There are also one or two other formulations of Pill which the researchers have found to have a worrying association with breast cancer. Your own doctor can tell you more about these. Finally, all women should remember that the Pill does have some rather surprising cancer-fighting properties. In particular, it lessens the risk of ovarian cancer and cancer of the lining of the womb.

Q: I recently got married to a beautiful and sexy woman, but I am concerned that, though it is fairly easy for her to orgasm with ease when we 'fool around,' she does not during intercourse. Why is this, Doc? We checked the Internet and found that women who do not climax during sexual intercourse have an illness called 'coital orgasmic dysfunction'. How could we get that treated?

A: Please relax. Your new wife is perfectly normal. She does not have an illness. You see, this so-called diagnosis of 'coital orgasmic dysfunction' was dreamed up by United States researchers Masters and Johnson - to describe women who orgasmed during love play/petting but not during intercourse.

But although Dr Masters was a brilliant scientist, he was mistaken in thinking that all women are supposed to orgasm during intercourse.  A few years after 'M & J' published their results, the brilliant researcher shere Hite, showed that in fact only about 30 per cent of women actually climax during sexual intercourse. She found that 70 per cent do not - and she announced that there was no such thing as coital orgasmic dysfunction. And she was right.  So your wife is fine. If both of you want her to actually achieve an orgasm during intercourse (and perhaps at the same time as you do), there are some ways of achieving that. I shall describe them in a future column.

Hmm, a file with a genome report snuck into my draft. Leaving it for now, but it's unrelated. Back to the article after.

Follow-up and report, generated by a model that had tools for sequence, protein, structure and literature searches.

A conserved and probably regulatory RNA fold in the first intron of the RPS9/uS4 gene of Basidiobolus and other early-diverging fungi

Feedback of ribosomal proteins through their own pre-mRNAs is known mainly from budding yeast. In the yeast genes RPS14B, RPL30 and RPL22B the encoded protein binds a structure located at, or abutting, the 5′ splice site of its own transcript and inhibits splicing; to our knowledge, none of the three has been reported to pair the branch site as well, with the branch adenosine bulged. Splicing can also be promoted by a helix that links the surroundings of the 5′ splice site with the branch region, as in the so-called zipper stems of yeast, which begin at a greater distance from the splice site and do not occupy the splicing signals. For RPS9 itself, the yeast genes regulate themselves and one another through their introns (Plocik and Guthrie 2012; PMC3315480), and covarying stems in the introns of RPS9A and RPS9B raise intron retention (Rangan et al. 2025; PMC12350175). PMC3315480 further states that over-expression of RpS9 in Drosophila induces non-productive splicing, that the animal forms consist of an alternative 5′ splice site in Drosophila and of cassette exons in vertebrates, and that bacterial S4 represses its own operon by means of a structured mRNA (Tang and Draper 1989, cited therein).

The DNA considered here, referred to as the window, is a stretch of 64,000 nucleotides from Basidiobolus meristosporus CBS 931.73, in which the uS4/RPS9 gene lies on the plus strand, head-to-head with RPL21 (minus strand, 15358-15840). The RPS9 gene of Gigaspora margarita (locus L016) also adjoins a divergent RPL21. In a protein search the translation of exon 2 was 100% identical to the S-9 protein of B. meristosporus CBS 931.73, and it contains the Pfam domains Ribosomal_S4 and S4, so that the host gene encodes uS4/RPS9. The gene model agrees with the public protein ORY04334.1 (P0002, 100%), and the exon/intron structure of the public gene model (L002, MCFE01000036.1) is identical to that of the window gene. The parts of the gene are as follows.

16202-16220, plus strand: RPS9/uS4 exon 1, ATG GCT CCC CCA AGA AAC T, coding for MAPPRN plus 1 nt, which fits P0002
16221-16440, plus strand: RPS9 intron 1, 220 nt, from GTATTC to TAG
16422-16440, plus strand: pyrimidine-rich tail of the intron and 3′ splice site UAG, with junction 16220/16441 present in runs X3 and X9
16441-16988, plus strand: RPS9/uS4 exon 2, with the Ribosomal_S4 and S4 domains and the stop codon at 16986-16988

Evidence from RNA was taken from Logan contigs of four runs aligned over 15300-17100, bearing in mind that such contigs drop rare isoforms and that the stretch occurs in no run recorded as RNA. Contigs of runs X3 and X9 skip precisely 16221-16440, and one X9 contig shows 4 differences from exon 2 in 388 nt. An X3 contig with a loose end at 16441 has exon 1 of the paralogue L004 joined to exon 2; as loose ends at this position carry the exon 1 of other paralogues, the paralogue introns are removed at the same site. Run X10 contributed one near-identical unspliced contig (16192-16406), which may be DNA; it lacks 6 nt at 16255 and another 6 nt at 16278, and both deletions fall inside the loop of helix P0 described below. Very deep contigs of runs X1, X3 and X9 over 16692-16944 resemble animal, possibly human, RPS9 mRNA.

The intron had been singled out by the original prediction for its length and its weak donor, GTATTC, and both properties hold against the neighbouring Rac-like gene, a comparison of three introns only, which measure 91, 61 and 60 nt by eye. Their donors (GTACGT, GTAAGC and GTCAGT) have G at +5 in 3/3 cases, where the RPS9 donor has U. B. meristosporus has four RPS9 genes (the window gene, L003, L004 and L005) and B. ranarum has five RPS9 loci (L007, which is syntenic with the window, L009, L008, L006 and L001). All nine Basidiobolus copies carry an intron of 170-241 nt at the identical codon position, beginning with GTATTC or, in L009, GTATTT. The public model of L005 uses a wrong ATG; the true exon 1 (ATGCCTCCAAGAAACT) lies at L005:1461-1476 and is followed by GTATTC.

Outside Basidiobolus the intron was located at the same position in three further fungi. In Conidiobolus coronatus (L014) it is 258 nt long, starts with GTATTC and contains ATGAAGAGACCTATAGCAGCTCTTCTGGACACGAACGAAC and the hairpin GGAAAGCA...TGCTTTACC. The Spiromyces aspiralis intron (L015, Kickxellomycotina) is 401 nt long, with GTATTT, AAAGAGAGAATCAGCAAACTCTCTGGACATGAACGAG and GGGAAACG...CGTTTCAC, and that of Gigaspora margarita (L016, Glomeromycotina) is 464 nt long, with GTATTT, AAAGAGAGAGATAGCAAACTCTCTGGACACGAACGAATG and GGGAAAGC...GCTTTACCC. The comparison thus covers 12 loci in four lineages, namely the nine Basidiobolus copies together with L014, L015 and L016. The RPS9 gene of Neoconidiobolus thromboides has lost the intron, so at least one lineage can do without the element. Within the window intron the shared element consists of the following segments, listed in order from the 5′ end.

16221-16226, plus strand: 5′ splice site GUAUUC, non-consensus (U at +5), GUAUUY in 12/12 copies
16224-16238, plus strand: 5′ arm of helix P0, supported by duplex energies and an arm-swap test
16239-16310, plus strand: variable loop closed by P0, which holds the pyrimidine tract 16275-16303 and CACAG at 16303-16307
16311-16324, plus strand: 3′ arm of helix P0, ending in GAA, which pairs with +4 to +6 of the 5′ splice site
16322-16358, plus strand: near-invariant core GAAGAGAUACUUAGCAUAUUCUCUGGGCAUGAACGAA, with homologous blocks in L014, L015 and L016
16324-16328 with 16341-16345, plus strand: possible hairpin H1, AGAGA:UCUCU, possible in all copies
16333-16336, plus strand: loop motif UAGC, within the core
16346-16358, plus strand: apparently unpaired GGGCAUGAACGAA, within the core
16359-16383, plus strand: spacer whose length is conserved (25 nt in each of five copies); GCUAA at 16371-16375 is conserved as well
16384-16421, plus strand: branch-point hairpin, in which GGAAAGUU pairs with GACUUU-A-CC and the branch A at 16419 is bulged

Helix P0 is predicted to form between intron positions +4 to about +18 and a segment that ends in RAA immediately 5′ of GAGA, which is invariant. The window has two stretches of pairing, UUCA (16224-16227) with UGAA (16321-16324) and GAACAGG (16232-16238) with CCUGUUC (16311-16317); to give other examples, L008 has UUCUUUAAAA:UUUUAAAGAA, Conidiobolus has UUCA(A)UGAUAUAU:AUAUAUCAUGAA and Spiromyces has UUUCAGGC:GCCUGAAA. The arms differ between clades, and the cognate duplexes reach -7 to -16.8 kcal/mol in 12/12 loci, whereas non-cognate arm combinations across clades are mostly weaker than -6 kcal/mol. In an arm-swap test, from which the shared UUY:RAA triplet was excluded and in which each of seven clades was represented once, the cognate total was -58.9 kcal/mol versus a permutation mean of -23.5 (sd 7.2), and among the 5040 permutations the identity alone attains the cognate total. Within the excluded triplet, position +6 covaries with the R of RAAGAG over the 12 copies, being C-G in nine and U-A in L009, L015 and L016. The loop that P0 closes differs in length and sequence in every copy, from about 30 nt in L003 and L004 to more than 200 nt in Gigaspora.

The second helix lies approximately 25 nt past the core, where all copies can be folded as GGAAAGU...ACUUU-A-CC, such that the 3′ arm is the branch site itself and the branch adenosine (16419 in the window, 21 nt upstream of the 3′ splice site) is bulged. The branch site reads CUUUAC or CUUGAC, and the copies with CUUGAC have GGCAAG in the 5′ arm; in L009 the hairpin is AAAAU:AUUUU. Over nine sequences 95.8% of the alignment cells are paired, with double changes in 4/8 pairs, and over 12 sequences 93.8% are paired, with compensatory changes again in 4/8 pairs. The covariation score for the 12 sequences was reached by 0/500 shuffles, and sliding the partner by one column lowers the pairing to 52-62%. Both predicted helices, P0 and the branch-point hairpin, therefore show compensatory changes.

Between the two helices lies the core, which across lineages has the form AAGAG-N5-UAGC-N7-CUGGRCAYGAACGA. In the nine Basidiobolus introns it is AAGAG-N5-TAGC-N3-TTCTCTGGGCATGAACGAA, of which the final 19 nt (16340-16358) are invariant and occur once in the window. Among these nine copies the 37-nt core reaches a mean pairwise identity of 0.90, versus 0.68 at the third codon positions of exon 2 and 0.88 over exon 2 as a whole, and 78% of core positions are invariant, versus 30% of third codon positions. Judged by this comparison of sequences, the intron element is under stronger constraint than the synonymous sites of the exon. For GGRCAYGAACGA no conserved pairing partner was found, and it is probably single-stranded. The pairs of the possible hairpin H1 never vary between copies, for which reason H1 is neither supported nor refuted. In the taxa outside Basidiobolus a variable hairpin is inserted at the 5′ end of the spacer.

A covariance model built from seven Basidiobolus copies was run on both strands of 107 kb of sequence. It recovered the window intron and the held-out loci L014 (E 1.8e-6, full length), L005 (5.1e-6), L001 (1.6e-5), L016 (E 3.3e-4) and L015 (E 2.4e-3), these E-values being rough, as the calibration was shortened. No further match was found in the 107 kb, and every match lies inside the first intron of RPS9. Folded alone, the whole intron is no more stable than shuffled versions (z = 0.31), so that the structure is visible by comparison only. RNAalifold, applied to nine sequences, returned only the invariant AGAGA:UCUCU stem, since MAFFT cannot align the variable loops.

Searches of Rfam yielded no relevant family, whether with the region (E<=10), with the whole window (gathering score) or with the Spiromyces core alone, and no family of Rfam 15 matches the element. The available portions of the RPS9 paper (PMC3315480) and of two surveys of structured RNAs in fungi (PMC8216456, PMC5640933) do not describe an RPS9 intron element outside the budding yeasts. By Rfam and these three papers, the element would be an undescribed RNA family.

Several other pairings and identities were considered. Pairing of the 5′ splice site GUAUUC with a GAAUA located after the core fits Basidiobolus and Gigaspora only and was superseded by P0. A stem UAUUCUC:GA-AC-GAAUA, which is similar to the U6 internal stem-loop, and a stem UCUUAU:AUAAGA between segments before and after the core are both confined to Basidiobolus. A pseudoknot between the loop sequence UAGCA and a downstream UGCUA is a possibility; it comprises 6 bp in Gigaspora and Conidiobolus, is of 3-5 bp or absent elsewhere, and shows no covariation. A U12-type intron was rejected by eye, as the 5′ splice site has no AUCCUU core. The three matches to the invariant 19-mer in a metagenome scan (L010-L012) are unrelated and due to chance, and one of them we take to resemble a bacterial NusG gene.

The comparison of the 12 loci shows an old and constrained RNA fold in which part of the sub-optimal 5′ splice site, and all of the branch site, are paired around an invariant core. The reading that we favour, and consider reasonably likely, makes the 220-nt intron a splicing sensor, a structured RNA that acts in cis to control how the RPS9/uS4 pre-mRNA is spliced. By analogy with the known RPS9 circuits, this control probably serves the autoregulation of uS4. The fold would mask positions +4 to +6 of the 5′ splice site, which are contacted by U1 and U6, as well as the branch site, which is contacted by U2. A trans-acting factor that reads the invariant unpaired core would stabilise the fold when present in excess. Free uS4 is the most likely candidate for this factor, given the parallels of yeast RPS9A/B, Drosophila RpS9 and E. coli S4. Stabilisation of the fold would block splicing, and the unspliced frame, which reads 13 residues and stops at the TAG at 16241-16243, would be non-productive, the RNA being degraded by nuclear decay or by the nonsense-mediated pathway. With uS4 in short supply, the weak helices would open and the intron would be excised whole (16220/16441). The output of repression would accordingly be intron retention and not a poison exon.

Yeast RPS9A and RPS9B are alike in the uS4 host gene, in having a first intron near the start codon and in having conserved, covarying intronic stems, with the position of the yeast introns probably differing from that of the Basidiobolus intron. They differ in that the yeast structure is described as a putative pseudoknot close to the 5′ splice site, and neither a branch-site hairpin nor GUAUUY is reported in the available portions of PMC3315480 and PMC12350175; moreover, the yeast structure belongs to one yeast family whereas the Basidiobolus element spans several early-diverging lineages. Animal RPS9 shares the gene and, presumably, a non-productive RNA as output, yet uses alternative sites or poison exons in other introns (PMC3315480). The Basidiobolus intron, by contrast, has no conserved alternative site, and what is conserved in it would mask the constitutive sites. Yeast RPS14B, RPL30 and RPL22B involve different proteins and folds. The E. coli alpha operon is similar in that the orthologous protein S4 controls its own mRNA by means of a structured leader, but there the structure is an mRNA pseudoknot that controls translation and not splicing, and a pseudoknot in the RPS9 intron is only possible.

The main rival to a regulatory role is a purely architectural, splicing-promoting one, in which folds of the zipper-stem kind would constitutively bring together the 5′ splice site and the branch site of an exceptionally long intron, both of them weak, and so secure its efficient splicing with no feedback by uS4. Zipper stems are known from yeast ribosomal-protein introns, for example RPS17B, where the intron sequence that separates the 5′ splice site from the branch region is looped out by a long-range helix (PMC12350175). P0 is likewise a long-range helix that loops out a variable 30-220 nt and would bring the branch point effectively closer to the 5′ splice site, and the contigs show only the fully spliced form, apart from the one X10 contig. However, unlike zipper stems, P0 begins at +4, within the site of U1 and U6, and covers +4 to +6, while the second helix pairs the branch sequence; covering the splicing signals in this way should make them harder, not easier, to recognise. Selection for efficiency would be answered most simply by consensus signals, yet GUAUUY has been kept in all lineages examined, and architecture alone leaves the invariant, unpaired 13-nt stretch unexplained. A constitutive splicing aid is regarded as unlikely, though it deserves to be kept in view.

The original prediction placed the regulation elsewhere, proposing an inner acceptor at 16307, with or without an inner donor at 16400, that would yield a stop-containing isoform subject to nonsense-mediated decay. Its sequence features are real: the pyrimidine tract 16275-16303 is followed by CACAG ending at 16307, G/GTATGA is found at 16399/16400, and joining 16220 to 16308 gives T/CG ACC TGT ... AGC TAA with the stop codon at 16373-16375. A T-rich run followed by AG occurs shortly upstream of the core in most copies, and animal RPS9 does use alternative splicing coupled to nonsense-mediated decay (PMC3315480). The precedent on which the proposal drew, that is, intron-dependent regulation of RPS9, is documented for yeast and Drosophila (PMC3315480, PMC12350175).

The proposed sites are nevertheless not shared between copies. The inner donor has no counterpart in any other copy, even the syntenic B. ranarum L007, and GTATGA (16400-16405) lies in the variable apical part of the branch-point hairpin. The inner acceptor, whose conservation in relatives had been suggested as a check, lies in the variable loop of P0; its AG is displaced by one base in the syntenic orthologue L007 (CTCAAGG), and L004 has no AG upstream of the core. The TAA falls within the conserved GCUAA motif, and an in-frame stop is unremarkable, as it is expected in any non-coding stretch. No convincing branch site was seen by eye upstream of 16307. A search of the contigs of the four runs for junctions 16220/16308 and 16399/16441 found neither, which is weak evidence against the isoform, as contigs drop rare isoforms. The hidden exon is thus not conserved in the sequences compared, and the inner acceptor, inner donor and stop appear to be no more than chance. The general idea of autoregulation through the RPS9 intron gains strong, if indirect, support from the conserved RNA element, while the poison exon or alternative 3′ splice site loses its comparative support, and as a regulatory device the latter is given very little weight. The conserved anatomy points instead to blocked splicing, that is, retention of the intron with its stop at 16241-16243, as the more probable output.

Q: I am a 37-year-old man and my girlfriend says that she can feel a lump in my testicle. Can I safely ignore this, Doc?

A: No, you can't! To be brutally frank, a lump in the testicle can be cancer. Admittedly, testicular cancer mostly affects men younger than you. Nevertheless, it is important that any male who seems to have a lump in the scrotum should see a doctor within a week. The doctor will examine your testicles and will probably send you to a hospital for an ultrasound scan. Let us hope that the results will be OK.

Q: Although I regard myself as a loving and faithful wife, I had a 'one night' affair with an attractive man in Sav-la-Mar. A week later, I started to get a yellow discharge. I went to a doctor who I knew would treat me with discretion. She tested me with a microscope and said I had a vaginal infection called 'trichomoniasis'. But what is that?

A: Trichomoniasis is a common cause of vaginal discharge. It is a parasiteß and it is quite easy for a doctor to see it under a microscope. So I am sure your doctor is right in her diagnosis. I presume she has given you tablets called 'metronidazole', which cure the condition.